When Parsons wasn’t trying to reach the stars in a rocket ship, he was charting a far different course, using the ancient “technologies” of the occult magician. Parsons was a follower of the notorious British occultist Aleister Crowley, aka “The Beast.” Parsons was even seen by Crowley, for a time, as his protégé, the person who’d birth Crowley’s new religion, Thelema, in the United States. To this end, Parsons ran the Agape Lodge, a Pasadena commune of sorts, known for its wild parties, dark occult rites, drug use, and bed-swapping couples.
As the successes of the Suicide Squad’s rockets mounted, and JPL and Aerojet rapidly expanded — and as rocket science in general grew in respectability — Parsons’ private life became an increasing liability to all those involved. He was sidelined, bought out. And things only seemed to crash and burn from there. Parsons’ close friend and fellow magician, L. Ron Hubbard (yes, that L. Ron Hubbard) allegedly ran off to Florida with Parsons’ girlfriend and money from his shares of Aerojet to start a yacht sales business. Parsons was disowned by his “magical father,” Crowley, who died soon after. He worked in the film industry doing pyrotechnics and dreamed of starting his own explosives company in Mexico. He was likely packing for a trip there when, in June 1952, an explosion in his home lab killed him.
Given Parson’s chemistry knowledge and his decades of handling volatiles, some suspected foul play, or suicide, or otherworldy forces. But as Pendle tells MAKE, “The simplest solution tends to be the best — and the simplest solution is that a can of fulminate of mercury slipped out of his hand during an experiment. Parsons had worked for so long and with such success with chemicals that he no longer saw them as being particularly hazardous.”
Parsons embodied the heart and soul of independent science. One of the reasons von Kármán invited young Jack and Ed into the hallowed halls of Caltech was that he saw in them the type of untarnished dreamers that make novel discoveries. Unfortunately, it was that same dogged determination, that same deep desire to stretch human horizons, that led Parsons down a darker, more serpentine path in his inner life.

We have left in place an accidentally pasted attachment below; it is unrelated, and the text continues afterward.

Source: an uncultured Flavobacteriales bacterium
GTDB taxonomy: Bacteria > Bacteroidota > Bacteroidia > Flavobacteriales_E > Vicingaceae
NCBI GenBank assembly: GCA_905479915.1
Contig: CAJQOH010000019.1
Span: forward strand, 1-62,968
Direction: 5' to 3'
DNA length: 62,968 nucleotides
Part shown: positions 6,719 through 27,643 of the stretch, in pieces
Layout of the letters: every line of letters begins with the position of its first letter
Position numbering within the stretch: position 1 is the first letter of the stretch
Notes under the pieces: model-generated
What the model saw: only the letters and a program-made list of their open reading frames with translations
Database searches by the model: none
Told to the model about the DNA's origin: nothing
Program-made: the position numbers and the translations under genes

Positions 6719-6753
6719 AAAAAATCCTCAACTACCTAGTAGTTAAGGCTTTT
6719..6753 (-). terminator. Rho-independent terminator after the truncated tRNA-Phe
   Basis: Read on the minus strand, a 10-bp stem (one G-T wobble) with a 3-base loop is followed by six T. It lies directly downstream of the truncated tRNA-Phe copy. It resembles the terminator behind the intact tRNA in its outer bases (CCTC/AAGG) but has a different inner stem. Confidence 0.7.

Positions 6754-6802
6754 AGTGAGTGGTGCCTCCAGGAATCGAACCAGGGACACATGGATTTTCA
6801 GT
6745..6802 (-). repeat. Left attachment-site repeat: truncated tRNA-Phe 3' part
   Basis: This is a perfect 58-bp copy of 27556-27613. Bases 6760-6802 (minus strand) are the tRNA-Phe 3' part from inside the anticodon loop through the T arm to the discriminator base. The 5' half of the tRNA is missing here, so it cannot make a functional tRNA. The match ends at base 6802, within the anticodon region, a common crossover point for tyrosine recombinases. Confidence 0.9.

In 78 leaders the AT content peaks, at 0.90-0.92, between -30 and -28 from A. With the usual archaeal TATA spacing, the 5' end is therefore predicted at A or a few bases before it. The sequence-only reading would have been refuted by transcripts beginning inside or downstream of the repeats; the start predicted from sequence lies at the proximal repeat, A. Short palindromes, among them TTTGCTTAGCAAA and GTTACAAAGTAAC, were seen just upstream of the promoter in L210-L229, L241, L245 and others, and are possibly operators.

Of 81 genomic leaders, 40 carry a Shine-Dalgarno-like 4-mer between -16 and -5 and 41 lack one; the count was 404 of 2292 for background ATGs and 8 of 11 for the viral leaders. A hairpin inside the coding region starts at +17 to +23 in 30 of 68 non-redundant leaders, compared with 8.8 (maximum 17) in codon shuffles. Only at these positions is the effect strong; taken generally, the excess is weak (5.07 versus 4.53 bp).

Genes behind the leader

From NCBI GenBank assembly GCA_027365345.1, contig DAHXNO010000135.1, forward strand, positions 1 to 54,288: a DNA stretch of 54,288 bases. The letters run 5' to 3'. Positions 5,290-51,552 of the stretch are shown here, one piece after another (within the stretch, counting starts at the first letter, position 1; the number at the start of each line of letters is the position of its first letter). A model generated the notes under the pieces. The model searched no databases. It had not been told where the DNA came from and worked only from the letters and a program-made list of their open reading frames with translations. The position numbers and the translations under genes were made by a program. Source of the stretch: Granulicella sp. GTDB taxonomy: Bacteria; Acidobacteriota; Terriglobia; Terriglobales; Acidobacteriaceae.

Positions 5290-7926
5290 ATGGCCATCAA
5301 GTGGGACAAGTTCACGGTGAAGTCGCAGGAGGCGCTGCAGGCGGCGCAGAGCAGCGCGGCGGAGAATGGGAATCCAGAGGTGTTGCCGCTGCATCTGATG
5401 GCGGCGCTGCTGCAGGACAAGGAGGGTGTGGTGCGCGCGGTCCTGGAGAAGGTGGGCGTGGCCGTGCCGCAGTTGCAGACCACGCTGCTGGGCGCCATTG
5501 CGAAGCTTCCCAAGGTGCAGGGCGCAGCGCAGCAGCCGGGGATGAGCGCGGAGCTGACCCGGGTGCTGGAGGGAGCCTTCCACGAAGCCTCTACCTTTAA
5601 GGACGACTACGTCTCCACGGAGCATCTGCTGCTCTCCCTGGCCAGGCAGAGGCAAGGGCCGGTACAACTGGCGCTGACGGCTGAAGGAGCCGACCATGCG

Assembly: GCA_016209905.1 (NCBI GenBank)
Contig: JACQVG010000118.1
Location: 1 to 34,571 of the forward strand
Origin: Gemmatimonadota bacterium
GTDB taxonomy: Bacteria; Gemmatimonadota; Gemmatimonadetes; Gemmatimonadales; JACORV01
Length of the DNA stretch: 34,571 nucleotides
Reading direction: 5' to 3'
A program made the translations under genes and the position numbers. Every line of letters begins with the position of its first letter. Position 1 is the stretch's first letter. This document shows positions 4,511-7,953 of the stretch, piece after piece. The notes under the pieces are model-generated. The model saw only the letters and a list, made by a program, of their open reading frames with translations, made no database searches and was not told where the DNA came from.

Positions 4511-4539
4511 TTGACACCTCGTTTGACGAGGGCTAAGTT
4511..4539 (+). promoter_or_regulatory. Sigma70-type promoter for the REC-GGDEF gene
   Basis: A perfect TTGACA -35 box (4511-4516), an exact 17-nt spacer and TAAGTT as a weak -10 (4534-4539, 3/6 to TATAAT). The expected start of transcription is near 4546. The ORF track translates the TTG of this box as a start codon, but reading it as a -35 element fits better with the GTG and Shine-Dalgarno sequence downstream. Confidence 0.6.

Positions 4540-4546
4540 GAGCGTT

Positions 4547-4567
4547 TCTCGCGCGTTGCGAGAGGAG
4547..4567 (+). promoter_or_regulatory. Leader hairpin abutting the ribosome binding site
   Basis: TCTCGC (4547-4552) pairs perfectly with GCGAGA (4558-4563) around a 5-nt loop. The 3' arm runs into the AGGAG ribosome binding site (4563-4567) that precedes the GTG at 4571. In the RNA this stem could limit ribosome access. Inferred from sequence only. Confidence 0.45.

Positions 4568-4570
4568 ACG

But have history’s authors intentionally sought to sideline Jack Parsons? In the internet age, his marginalization is due partly to the sensational side of his life: a net search finds the few fragments about his rocketry buried amongst the occult, the Hollywood Babylon, the Scientological. Yet even official histories of rocketry, the space program, and World War II aviation barely mention him.
Aerojet, the company he co-founded, doesn’t mention him at all; the picture on their history web page is the famous cropped one. JPL’s site also has few references. Pendle claims that when JPL’s archivist, the late Dr. John Bluth, tried to gather material on the Suicide Squad, he discovered that most of their papers, drawings, and notes had been used as insulation, to plug up holes in leaky building walls.
Pendle neatly sums up why Parsons frequently is found under the rug of history:
Rocketry underwent fundamental change within Parsons’ lifetime, transformed from sci-fi fantasy to an integral part of the military-industrial complex (where it remained until recent private space endeavors). A lightness of spirit was lost in this transition; a certain sense of humor and individualistic attitude, which Parsons and the Suicide Squad encapsulated, all but disappeared. The space race, despite being built on the ultimate boy’s fantasy of exploring outer space, came to be treated as a curiously nationalistic form of science. And nothing could undermine JPL’s seriousness more (nor weaken its ability to attract investment) than to declare that its founder was a sci-fi-inspired occultist communist who had never been to university.
Perhaps it is those private space endeavors, and the resurging interest in the DIY ethos in general, that will rekindle interest in Jack Parsons, so that the next generation of rocket geeks will recognize his name alongside those of Goddard, Oberth, von Braun, Tsiolkovsky, and Rutan.